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Orangutan Conservation Programme

Every year one million hectares of rainforest fall victim to legal or illegal overexploitation. As a consequence, the orangutans are losing their habitat. The Sumatran Orangutan Conservation Programme SOCP is fighting to prevent these great apes from dying out and to protect their habitat, the tropical rainforest.


The orangutans are victims of the rapid deforestation of the rainforest. Their habitat is being cleared to produce timber and for new palm oil plantations. Indonesia has now become the biggest palm oil producer in the world. We can no longer imagine today’s industry without the versatile and inexpensive vegetable fat. One in two products at supermarkets contains palm oil. But nature is paying a high price for this. In most cases it is valuable tropical forests which are the victims of the palm oil plantations. This means that as well as the orangutan, many other species are also losing the basis of their existence. In addition, slash-and-burn agriculture and the drainage of swamp forests release large quantities of greenhouse gases, and the chemicals which are sprayed contaminate the soil. Where new plantations arise, there are often also conflicts for the land use rights.

Another reason why the orangutans are endangered is the trade of orangutan babies. These are seen as a status symbol. To get to the young animals, the mothers are shot dead. In many cases, the young orangutans also die when falling from the tree. If a baby survives the fall, it will often die later in captivity because of the stress caused by the traumatic experience.


Reintroduction to the wild of captured orangutans:

Orangutans kept illegally as pets or endangered are confiscated and given medical treatment in the SOCP rescue and nursing station. Then the orangutans are taken to one of the two reintroduction stations. Here they are prepared for life in their natural environment before being released.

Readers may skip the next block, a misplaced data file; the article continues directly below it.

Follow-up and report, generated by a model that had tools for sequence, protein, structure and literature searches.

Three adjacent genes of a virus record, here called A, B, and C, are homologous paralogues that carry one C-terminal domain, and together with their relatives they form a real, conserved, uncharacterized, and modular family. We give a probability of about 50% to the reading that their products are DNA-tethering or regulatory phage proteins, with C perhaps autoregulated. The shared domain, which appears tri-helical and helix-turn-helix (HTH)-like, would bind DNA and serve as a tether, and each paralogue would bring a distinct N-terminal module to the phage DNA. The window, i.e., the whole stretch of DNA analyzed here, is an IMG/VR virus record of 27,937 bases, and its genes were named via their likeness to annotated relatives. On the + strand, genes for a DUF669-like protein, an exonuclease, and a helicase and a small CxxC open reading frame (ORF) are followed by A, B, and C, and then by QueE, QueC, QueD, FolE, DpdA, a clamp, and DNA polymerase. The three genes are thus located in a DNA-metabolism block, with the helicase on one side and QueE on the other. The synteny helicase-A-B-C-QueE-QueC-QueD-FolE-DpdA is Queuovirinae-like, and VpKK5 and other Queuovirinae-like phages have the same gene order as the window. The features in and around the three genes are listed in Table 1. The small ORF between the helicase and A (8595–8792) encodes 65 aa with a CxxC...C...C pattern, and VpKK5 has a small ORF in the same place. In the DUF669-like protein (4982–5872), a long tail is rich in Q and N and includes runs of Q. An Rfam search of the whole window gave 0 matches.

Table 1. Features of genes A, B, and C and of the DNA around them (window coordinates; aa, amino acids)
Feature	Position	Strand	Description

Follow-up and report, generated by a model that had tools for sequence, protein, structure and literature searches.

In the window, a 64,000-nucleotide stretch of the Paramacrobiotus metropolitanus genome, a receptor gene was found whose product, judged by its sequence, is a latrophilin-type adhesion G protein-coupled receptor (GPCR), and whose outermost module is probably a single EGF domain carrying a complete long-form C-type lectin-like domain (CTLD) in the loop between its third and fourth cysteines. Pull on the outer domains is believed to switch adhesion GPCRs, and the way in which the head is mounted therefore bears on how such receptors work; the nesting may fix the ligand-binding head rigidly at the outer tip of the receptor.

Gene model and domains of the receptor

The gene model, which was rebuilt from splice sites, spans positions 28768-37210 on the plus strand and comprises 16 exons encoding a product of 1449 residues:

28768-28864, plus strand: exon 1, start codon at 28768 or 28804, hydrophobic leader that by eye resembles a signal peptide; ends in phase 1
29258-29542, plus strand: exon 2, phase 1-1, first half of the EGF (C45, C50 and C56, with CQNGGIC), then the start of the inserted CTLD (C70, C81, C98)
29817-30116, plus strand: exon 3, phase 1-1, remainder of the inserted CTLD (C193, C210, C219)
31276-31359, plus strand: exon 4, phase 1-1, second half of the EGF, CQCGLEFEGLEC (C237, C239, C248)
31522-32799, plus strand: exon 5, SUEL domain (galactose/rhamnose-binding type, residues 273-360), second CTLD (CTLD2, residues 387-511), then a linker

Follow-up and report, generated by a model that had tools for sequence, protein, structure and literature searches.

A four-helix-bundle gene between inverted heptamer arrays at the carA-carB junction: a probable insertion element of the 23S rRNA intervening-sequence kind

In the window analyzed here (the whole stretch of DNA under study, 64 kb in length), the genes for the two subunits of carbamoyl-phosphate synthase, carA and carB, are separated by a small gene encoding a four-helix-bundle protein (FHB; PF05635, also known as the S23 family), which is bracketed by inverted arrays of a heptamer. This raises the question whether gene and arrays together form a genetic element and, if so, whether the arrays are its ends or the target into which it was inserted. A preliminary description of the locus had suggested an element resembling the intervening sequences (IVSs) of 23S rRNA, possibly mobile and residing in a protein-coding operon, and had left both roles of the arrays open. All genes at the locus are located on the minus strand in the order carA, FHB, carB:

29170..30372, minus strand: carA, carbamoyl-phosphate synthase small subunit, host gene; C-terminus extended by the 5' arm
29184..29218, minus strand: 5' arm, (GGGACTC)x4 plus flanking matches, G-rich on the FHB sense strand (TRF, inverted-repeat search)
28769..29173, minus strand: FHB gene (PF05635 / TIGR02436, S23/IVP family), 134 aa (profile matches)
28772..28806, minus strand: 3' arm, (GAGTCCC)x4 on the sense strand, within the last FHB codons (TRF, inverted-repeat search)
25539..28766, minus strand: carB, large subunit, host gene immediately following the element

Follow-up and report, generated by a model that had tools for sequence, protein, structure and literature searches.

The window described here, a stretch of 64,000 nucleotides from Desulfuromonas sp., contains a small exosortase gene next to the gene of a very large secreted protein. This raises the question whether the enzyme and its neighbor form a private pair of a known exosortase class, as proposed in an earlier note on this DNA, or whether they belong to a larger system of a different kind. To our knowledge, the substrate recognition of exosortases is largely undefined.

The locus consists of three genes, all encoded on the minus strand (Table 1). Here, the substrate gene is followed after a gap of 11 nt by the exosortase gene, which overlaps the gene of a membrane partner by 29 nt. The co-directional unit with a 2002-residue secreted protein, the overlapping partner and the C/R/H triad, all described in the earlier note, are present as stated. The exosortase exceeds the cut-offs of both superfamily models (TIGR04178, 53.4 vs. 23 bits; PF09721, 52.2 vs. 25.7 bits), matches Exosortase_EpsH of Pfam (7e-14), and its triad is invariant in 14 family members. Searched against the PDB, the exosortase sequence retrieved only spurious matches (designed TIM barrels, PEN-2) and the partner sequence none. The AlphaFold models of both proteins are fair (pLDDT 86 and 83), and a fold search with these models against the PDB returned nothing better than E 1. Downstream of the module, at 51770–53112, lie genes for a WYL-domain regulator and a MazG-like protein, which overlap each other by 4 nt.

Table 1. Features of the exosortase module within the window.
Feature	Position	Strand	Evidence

> Rescue and nursing station
> Reintroduction to the wild

Research and monitoring:

Research provides the basis for successfully returning orangutans to the wild and protecting their habitat. In its four research stations, SOCP takes care of long-term research projects. This is because observing orangutans in the wild over several years is the only way to find out what is needed to protect them.

> Research stations

Protection and conservation of the habitat:

SOCP advocates the expansion of conservation areas and the improvement of protection in already existing conservation areas. The SOCP team runs campaigns and information activities to protect the orangutans and their habitat. The programme advocates sustainable palm oil cultivation.

> Rainforest conservation


  • So far, 403 orangutans have been taken to the rescue and nursing station and given treatment there.
  • In Jambi and in Jantho, a total of 303 orangutans have been successfully reintroduced to the wild.
  • The close cooperation between SOCP and the local authorities has led to a significant improvement in law enforcement. The authorities are able to confiscate so many more illegally held orangutans than before.
  • Establishment of a new Sumatran orangutan population in the Bukit Tigapuluh National Park, Central Sumatra, where the orangutans had died out. As a result, the chances of survival for the species are greatly improved.
  • After many years of lobbying by SOCP, in 2014 the government decided to declare Batang Toru as protection forest. This means that the local orangutan population, which is genetically very different from the northern population, is being given lasting protection.


The Sumatran Orangutan Conservation Programme SOCP is a joint programme of PanEco, its partner foundation YEL on Sumatra and the Indonesian Nature Conservation Authority. The programme is funded by donations from private individuals and other foundations.